Thursday, November 14, 2013

Financial Aid to African Nations Is Like Pouring Water Down a Badger Hole

One of the better roads in The Gambia

In Fiscal Year 2012, the Republican-led House of Representatives appropriated about $50 billion US for the Department of State to distribute to various countries around the world through foreign aid.  The bulk of that $50 billion was distributed to Iraq, Afghanistan and to Israel for obvious reasons.  However about $7 billion (14 percent) was given to various countries in Africa.  This included $625 Million to highly corrupt Nigeria which has its own highly productive and burgeoning oil industry - go figure.  The United States, the largest provider of foreign assistance to countries around the world, has been giving large sums of money to African nations for many years so this was nothing new. 

Ostensibly US foreign aid is provided to developing countries for that purpose – to help them develop.  And outwardly that is an admirable trait.  However a growing body of economic evidence makes it abundantly clear that foreign aid, and especially to Africa is as useful as we used to say when I lived in North Dakota as “pouring water down a badger hole.”  It accomplishes nothing other than getting the badger wet.

Author Paul Theroux in his excellent book Dark Star Safari discussed African countries and foreign aid. Theroux had been in the Peace Corps in Malawi in the early 1960s and witnessed the infusion of US (and British) foreign aid there.  He returned to Malawi in the late 1990s hoping to witness changes.  However, Theroux noted nothing but more of the same.  In Theroux' estimation most developing African countries feed at the trough provided by good deed doers and then become totally dependent on that aid for their existence. Eventually they believe it is their right to hold their hands out to receive aid they "deserve" simply by being poor. Why would they want to improve things? Some person in the United States or Great Britain or Germany will feel sorry for them, throw money at the problem, and feel they have absolved themselves of their white guilt as they move on.  Doing so does nothing to motivate anyone or any country to actually improve their existence. Why should they? If things get better all the free money is going to dry up. A woman I met in South Africa in 2011 confirmed Theroux' hypothesis saying "It really has nothing to do with being white or prejudiced. It's simply a matter of fact."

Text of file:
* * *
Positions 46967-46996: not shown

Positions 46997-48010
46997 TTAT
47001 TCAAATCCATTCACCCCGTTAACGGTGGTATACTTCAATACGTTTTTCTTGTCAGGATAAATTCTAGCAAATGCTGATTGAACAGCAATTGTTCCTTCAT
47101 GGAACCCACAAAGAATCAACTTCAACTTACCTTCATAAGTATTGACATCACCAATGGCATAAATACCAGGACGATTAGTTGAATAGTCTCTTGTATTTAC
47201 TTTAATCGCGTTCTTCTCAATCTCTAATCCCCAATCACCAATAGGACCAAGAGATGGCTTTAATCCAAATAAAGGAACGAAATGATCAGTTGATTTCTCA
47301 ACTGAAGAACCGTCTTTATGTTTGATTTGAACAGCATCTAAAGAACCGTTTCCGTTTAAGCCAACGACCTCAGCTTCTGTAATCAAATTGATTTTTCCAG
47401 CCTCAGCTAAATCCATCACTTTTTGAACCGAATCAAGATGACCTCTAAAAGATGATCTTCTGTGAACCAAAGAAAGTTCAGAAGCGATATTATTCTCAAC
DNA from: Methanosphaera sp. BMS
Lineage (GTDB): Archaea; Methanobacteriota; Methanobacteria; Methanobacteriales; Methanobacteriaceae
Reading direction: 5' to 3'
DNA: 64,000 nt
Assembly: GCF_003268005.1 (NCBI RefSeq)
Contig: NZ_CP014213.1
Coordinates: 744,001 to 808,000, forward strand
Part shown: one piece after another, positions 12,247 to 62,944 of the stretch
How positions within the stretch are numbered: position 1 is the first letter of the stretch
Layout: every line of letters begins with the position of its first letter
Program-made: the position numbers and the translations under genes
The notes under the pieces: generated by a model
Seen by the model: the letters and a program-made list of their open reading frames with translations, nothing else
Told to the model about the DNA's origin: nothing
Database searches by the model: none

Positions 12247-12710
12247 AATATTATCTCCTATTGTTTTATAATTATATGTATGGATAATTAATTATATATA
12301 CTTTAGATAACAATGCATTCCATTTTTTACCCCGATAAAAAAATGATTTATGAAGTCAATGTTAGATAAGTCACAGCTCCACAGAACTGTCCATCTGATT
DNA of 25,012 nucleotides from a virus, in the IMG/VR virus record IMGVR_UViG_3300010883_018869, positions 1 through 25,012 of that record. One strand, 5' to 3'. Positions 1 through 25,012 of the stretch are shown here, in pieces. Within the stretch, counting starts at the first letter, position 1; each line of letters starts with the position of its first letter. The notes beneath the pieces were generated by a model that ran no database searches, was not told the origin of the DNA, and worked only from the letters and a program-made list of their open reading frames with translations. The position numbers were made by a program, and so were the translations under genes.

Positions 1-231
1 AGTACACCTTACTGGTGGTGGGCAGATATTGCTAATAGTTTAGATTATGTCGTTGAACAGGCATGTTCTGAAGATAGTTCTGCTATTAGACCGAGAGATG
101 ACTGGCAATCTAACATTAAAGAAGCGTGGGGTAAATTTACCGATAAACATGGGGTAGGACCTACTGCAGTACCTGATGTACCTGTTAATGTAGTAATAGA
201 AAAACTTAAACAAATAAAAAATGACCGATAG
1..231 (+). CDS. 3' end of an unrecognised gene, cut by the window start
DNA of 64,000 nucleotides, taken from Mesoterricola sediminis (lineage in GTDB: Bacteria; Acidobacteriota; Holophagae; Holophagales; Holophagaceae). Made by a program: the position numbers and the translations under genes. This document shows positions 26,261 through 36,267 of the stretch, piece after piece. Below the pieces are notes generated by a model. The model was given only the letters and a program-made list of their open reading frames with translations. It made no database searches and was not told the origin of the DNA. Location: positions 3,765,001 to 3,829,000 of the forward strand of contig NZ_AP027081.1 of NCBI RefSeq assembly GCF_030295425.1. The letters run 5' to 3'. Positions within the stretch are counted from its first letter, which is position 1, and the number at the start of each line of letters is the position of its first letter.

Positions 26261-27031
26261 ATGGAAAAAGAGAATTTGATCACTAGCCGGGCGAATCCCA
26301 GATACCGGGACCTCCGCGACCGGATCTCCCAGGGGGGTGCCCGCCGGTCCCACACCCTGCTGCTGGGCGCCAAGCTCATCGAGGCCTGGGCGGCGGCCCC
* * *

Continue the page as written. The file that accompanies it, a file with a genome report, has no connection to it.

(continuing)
The "save the children" meme's that you see on television all the time are in the same light.  I remember seeing commercials begging for money to "save the children" in Africa in the early 1960s when I was barely 10 years old. Now 50 years later we are still being begged with heart-wrenching images of starving children to throw money at the problem. Why with more than 50 years of trying to save the children have they not been saved?  Its a perpetual motion machine that will remain perpetual because the problem cannot be solved with more money.  The United Nations has the UNICEF program (the United Nations Children Fund) that has the same goals and obviously after more than 50 years has not accomplished much other than throwing additional money at a problem.

The most recent data I could find (from FY 2008) shows that the United States gave $93.8 million US to The Gambia in various forms of aid and in FY 2007 it had been $73.2 million.  If these figures are indicative it’s easy to guess that much more than $1 billion US has been given to The Gambia in the last few decades and this is on top of the aid provided by its former colonial occupier the United Kingdom.  At the conclusion of my recent trip there I came away (as I did after Swaziland and Mozambique in 2011) asking myself what on earth are we receiving for the money we invest in this or any other African nation.